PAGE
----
From La Paz to Liverpool: a journey during a pandemic

From this view (complete with Maria on the Garmin)…
…To this view, complete with drizzly rain.

We had several obstacles to overcome before I could be sure of setting off on my journey back to the UK. I say ‘we’ but in fact it was Paul who took on the research and tasks for obtaining all the forms and documents I would need to present.  The hardest part for me was getting tested for the virus. A negative test result was one of the mandatory requirements for travel and it needed to be taken at a specific  time before departure. I was glad to leave it to Paul to work out the mathematics involved in that, considering time differences and the consistent confusing information emanating from the UK government.

The flight had been booked  just before infection rates increased to the extent that more and more restrictions were put in place, which culminated in the UK’s third national lockdown. My intention to resume work in schools for the employment agency I work for, as well as to see family and friends would once more have to be put on hold. As the weeks went on, there was every chance the flight would be cancelled, borders would close and Mexico would be added to the ‘red list’ of countries. The prospect of spending any amount of time in a quarantine hotel held no appeal at all and when the cost of it was revealed we decided it would be more economical to cancel the flight and rebook later if necessary. All this uncertainty was extremely frustrating for me; not least because I have a tendency of needing to know ‘what is happening when’ (not an ideal trait to have during a pandemic – I’m working on it 🙄). All I could do was keep up with the foreign travel updates and attempt to adhere to Paul’s suggestion to not worry about it until nearer the time.

The place we were in was ideal for this. We had been in the marina at La Paz since the beginning of December, and without regular access to local news, politics and television updates on the pandemic, it was easy to settle in to simply enjoying daily life in the charming capital of Baja California. We were obviously aware of, and heeded, the common sense precautions for avoiding risks, while still safely socialising with our friends, Arturo, and Dirk and Silvia. The weather was just perfect. The searing heat of summer had been replaced by temperatures that allowed for walking and cycling without collapsing in a pool of sweat.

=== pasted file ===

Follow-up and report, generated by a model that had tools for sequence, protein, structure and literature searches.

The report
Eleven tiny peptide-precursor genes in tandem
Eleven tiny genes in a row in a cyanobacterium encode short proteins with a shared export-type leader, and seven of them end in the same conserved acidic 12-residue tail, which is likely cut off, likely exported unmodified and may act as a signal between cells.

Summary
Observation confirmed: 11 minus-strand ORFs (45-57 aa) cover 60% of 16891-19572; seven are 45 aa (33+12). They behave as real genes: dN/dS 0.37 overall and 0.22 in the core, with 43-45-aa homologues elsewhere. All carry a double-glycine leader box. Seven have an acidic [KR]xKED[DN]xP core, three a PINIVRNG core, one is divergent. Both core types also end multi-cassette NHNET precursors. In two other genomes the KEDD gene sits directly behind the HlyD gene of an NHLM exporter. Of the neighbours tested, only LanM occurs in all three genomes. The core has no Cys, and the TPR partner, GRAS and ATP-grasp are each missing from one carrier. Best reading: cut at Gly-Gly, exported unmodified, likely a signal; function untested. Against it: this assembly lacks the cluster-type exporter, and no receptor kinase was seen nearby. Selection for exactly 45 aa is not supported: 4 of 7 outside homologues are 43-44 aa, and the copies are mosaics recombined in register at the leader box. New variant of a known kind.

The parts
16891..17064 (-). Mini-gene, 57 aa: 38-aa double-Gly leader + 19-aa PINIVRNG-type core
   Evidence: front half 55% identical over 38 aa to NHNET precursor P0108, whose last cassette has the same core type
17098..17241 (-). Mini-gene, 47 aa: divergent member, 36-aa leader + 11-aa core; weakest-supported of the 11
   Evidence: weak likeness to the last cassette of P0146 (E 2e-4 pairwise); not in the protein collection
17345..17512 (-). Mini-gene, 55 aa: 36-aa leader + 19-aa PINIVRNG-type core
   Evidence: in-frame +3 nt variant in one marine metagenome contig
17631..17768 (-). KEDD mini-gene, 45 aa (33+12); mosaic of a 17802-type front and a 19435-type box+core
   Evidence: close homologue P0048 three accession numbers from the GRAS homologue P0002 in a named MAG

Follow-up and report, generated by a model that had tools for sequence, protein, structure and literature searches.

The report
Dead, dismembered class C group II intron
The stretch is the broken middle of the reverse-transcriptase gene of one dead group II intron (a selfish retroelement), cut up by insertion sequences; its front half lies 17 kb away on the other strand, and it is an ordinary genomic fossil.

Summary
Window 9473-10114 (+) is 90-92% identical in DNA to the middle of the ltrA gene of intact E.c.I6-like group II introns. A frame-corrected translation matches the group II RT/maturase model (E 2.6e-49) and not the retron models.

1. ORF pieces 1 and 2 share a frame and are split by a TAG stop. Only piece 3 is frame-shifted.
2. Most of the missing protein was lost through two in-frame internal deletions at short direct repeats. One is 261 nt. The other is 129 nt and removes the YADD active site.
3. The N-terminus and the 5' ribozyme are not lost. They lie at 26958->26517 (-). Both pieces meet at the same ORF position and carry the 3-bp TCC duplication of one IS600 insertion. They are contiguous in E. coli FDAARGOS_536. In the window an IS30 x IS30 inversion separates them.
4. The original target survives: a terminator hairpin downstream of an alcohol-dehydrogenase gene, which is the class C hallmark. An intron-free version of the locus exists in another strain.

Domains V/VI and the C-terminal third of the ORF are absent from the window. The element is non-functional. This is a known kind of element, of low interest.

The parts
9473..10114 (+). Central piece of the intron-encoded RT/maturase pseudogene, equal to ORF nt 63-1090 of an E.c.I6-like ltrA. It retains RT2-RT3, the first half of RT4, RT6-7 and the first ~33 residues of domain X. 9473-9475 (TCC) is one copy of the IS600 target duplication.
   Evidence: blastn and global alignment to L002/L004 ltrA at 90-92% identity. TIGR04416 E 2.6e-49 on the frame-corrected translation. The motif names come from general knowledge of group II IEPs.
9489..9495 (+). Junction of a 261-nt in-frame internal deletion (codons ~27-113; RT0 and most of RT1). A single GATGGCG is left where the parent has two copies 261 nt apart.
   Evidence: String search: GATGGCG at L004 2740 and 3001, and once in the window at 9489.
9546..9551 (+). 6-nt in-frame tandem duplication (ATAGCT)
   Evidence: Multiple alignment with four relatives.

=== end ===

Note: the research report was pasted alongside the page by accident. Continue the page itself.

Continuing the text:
The Malecon on a glorious day
A long walk back with a punctured tyre
With Dirk and Silvia in Harkers Bar (Touched up by Neil, thanks)
Enjoying a meal in an Italian restaurant with Arturo

The days were leisurely and relaxing, so I had no cause for complaint. Not until I had the test, anyway! From various sources, I knew it was likely to be uncomfortable but I hadn’t expected pain. The procedure was explained to me by the two female nurses in the tiny Salud Digna testing centre. The language barrier meant that we had to communicate via writing, a translator app and hand signals. When they were ready for me, I adopted my usual stance when undergoing intrusive medical tests – closing my eyes until it was all over. It was the nose swab that caused me to yell out. I thought it was going to give me a pierced nostril! With my eyes still tightly shut in a grimace of pain, they had to tell me it was finished and I could leave. Outside, I had to wait until my eyes stopped watering and the burning sensation in my throat cleared before we could cycle home. Maybe I was just unlucky or it could be that I’m a bit of a baby about things like this. My dad was fond of repeating the story of how I had frightened all the other children in the waiting room once with my yells and sobbing while in the dentist’s chair when I was 10.

Outside the testing centre

Gradually we collected and completed all the forms and I had the necessary sheaf of documents, my bags packed, and a list of provisions for a 10 day quarantine period, ready for my daughter, Tess to deliver to my flat. Two self-testing kits for COVID-19 had been ordered for delivery at my address. No cancellations, and I was ready to go. I had mixed emotions on the day of departure. Although I have a return flight booked for September, it’s still not certain when we will be able to resume our nautical travels, or when Paul will be able to return to the UK. I knew I was going to miss him terribly (as well as our boat birds, Maria and Carlos). On the other hand, I still hoped to be able to earn some money and see much-missed family and friends once lockdown ends.